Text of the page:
Off the peg

I wander into the shop. A bright young thing leaps at me, eyes wide with the expectation of commission.

“You okay today?”
“Yes, yes, fine, fine. I am, yes, FINE. Fine, yea, just, yep, fine.”

He’s looking at me strangely. Am I on drugs? Maybe I am on drugs.


I’m waving my hands around like a scarecrow in the wind. Am I pointing at something that makes it look as though I’m interesting in buying a specific item? 

“Thinking of anything in particular?” Oh God, he’s dying behind the eyes
“No…just…..yes, no..Just..thinking….around…Fine. I am FINE.” Stop pointing at specific items you idiot
“Oh you’re thinking of buying that? I mean..I was thinking of Bonnie Tyler the other day but that doesn’t mean we all have to live in the 80s, does it?”

Three…two…one…..Out of the shopping centre, on the next bus, home…


Clothes shopping is an absolute nightmare, my personal Room 101, walls plastered with models and designs and preening, judgemental assistants who are more willing to make an assumption on your suitability as a human faster than the Head of HR at an interview. I’m surprised TopMan hasn’t employed security guards on the front door.

“And how old are you, mate?”
“Er…Thirty-one….”
“There’s nothing for you here, pal, move on…”

It is because of the instant deflation in confidence which comes from needing clothes that a) I indulge in round-town wanders whilst I build up the cojones to walk into a shop, and b) I  make choices woefully inappropriate just to get out as quickly as possible.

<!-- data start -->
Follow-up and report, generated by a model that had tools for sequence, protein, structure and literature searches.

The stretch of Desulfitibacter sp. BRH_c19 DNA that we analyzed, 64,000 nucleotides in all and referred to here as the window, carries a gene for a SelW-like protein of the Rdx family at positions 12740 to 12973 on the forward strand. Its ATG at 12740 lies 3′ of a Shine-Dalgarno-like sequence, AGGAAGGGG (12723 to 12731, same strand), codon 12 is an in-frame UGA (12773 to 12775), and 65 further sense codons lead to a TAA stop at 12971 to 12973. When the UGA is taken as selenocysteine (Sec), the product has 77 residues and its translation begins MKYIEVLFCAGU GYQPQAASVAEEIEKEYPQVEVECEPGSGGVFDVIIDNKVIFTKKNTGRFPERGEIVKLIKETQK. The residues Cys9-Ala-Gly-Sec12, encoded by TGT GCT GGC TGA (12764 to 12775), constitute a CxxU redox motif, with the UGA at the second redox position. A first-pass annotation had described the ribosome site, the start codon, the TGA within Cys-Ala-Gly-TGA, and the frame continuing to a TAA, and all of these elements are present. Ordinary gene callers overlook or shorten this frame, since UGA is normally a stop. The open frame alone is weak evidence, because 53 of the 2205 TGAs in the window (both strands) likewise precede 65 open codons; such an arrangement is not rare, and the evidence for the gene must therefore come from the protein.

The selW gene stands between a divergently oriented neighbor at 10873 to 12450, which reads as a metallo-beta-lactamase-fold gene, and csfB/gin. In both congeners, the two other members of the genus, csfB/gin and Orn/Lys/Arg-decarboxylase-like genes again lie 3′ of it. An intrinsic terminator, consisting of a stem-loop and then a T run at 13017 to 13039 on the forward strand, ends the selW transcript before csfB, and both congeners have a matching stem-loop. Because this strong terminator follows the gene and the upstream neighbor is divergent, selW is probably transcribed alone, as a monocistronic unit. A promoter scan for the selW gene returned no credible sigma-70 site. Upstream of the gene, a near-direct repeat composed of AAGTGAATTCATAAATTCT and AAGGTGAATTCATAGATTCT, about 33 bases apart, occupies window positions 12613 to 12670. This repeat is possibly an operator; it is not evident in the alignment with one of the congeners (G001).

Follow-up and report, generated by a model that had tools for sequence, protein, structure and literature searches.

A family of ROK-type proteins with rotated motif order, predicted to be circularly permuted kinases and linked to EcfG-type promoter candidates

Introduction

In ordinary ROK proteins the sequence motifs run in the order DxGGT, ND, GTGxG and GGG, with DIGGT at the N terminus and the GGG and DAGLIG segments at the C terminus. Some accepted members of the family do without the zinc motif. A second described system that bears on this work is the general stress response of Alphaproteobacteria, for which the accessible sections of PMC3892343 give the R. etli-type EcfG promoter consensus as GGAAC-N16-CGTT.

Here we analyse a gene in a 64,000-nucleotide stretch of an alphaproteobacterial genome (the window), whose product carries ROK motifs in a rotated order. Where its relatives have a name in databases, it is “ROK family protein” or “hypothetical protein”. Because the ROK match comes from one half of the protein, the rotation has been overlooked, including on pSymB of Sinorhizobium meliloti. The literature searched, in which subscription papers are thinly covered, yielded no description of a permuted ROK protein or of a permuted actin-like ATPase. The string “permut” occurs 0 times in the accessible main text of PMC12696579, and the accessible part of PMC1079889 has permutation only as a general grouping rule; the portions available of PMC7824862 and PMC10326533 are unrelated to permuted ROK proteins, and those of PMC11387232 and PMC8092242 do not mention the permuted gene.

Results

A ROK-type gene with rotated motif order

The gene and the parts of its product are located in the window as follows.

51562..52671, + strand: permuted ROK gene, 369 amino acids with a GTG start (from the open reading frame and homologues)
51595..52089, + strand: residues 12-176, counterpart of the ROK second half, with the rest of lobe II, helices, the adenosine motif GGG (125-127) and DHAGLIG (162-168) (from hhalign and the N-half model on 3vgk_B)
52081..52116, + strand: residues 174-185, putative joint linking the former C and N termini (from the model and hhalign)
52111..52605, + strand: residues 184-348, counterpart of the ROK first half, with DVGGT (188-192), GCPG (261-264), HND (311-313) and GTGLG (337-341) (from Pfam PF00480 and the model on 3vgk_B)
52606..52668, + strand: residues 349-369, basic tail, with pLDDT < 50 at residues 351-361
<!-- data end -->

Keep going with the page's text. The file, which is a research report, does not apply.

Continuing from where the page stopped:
I remember a Victoria Wood sketch in which men ask for a fire extinguisher to be wrapped up in giftwrap rather than focus for too long at the underwear department of a major store; (“Yes, that one, red, it’s in her size”, “That’s a fire extinguisher, sir”, “Yes, yes, put a bow on it, wonderful, bye!”).  That’s me in most shops that aren’t Primark or TK Maxx.  In my misguided youth I meandered inside Reef (clothes made for young people who look like anime characters), scaring the assistant into thinking I was stealing. “Sorry, are you…do you want to try that on…at all…?” “No, I’m just queuing to pay!” “…Oh…”

People who get clothes deserve an award. I don’t know what the Latin is for “purchasing items of clothing” but stick “-phobia” on the end and that’s my diagnosis. I have tried the “spoonful of sugar” technique only for that to become increasingly laborious by age. Have you tried buying anything from Burtons? It’s good for suits worn as a one-off by boybands at award ceremonies, and if you fancy having the eyebrows of strangers raised in response to you merely brushing your hands across short-sleeved t-shirts.

One result of all this is my wardrobe of doom – a time-capsule for every time I grabbed-and-ran something without looking at it twice. The sky-and-cloud design shirt, the beige hooded jacket, the over-sized ‘skater’ jeans…Oh yes, and the jumper (£90, cheap at half the price) bought from    a place far fancier than I should have ever wandered into but it was either that or another meaningless confidence boost stroll around Manchester City Centre so what you gonna do?

I would like, in keeping with  the mindset of most men of my mindset, for all the horror of shopping for clothes to be improved by the actions of other people. Turn every shop into a clearance warehouse so the people I pay care less than I do. Or if it comes to it, and this goes against all my principles, get the State to provide everything. If the High Street were to be nationalised maybe I could have a chest of drawers so stuffed full of plain t-shirts it’d look like a Uniqlo store room.

Or North Korea. That’s it – instead of feeling inadequate everytime I so much as stroke my chin near Duffers, I’ll order everything I need from Pyongyang…

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